I’ve had an arthroscopy today, and it was to fix up a (somewhat) gardening injury. Now this sounds like I’ve been performing extreme gardening doesn’t it? (Applaud now.) It’s really just that I’m a pretty clumsy person who has a knee that doesn’t – unsurprisingly – like having most of 70kg fall 1m (that’s 1000mm!) onto it. Actually it could have been so much worse, really.
So, sure, the foot is up right now, and movement is pretty limited for a couple of days, but the last 3 weeks have brought out a new spirit, culminating in pre-dawn potting up of zucchini seedlings this morning, pre-operatively.
`Put off until tomorrow’ was my middle…err…phrase (please don’t judge me, constant (mild) migraines are a buggar) but with knee splint firmly on I’ve actually gardened a little almost every day of the past 2 or 3 weeks, and it’s heavenly (even when it’s just a minor encounter with potting mix at dawn).
Kneeling, my preferred stance, is out, so I’ve bent and leant and tripped and walked like a zombie in this spring weather; I’ve planted tomatoes and beans (J likes `em) and sown more sweet corn seed. (Note to self: when planting the first batch of sweet corn seeds don’t use really old seeds if you would like some to germinate.)
I’ve lashed together rough saplings of tea tree in 5’s this time, not tripods, but…pentapods. There I’ve planted butter beans and green beans and then, just to confuse everyone I’ve found seeds of purple beans to plant too. These are great for the busy cook, my chef-sister tells me; they are the only kind she grows `cos she can see them, especially at dusk at the end of a hard day’s work. In they go. (Green beans cunningly hide amid the leaves.) Hard work, those tripods, tripping countless times but oh so satisfying. Scarlet-flowering beans tempt too: this is the line where the edible patch crosses over into something attractive (hopefully); it’s no longer utility alone, is it? With my usual crazy optimism I tossed in seeds of tall-growing snow peas too; it was a cool day and summer felt far off; why do I garden at times by instinct, leaving intellect slumbering? Will the beans shade them enough and will the irrigation system (from rainwater tanks, like all our water) irrigate them adequately? Probably not.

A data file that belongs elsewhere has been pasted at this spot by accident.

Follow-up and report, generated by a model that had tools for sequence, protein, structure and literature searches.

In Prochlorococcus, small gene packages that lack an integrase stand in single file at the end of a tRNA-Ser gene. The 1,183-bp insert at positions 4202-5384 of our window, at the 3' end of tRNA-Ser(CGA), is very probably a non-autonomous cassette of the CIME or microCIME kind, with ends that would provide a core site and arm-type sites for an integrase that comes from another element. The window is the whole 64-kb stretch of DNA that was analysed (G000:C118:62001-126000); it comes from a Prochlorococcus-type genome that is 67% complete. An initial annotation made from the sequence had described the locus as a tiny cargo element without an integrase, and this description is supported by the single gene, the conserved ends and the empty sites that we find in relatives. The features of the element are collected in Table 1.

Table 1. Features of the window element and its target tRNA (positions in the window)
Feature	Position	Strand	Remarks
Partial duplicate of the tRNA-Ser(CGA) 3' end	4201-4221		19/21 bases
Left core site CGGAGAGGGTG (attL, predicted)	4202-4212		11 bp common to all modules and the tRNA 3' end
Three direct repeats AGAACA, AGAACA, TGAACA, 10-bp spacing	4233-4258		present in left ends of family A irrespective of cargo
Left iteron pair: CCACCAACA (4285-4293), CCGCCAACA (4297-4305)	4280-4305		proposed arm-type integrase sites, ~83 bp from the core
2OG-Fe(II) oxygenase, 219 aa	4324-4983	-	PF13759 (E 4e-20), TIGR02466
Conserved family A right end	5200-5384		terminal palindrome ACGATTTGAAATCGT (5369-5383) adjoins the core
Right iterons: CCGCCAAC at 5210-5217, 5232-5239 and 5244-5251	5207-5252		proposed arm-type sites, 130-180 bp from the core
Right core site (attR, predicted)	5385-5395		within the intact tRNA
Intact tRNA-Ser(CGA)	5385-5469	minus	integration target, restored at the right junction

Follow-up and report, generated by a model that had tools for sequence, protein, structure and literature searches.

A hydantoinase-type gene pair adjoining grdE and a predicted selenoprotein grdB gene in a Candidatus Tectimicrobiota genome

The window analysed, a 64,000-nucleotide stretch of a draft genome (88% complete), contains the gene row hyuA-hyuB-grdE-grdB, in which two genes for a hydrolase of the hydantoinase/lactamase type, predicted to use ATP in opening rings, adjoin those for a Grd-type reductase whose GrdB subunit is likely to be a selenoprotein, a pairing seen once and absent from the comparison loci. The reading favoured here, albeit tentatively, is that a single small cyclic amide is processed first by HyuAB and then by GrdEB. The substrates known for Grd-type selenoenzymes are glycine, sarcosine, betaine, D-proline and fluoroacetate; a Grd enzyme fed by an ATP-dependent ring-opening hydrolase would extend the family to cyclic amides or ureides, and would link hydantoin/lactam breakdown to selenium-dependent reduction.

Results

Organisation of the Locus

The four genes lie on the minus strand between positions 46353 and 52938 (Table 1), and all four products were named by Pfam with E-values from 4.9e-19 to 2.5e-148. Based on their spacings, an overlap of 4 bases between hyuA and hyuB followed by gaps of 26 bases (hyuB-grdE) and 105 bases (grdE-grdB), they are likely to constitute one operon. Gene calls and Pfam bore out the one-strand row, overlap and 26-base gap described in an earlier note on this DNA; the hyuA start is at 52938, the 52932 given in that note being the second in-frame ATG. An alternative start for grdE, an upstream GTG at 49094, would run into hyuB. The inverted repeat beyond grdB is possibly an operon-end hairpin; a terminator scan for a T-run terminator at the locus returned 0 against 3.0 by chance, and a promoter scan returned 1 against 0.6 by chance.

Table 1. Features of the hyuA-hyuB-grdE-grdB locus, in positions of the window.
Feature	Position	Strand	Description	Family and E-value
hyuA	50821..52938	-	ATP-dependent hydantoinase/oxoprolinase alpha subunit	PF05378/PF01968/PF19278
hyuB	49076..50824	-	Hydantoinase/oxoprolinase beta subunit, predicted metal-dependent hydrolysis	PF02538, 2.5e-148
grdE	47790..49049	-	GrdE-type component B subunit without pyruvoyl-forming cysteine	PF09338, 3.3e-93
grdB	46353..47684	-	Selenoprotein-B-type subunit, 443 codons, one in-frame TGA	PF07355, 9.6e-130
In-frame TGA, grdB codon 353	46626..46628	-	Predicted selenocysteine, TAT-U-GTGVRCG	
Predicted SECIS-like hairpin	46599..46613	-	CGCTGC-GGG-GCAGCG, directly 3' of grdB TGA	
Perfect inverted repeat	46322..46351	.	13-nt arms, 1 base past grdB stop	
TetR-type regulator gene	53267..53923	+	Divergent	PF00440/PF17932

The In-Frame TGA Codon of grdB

My friend’s rainbow chard finally made it into the ground: all the pinks and crimson-stalked ones were planted and I’ll see if I really have room before planting the yellows. (I don’t like much too much pink in the garden these days, preferring purple, white, blue and a little lemon, but I love these chard over the yellow and muddy oranges; moreover they are a lovely mix and the plant is mainly green leaf and only a fraction is coloured stalk: the contrast of ruby stem to deep jade leaf is very attractive.)
About 20 tomato plants made it into the edible patch, in the sunniest part, and I am keeping them watered in.
Nearly 40 of the kale – some red, some dwarf green - are pricked out now; these germinated well from fresh English seed sent promptly from Chiltern Seeds. (More to do, of course.) I have even weeded and sorted out some pots in my shadehouse. (Some Erythronium (trout lily) have gone to the shadehouse in the sky; one was found escaping through the holes at the bottom of the pot due to the contractile roots – but it had the manners to multiply first.)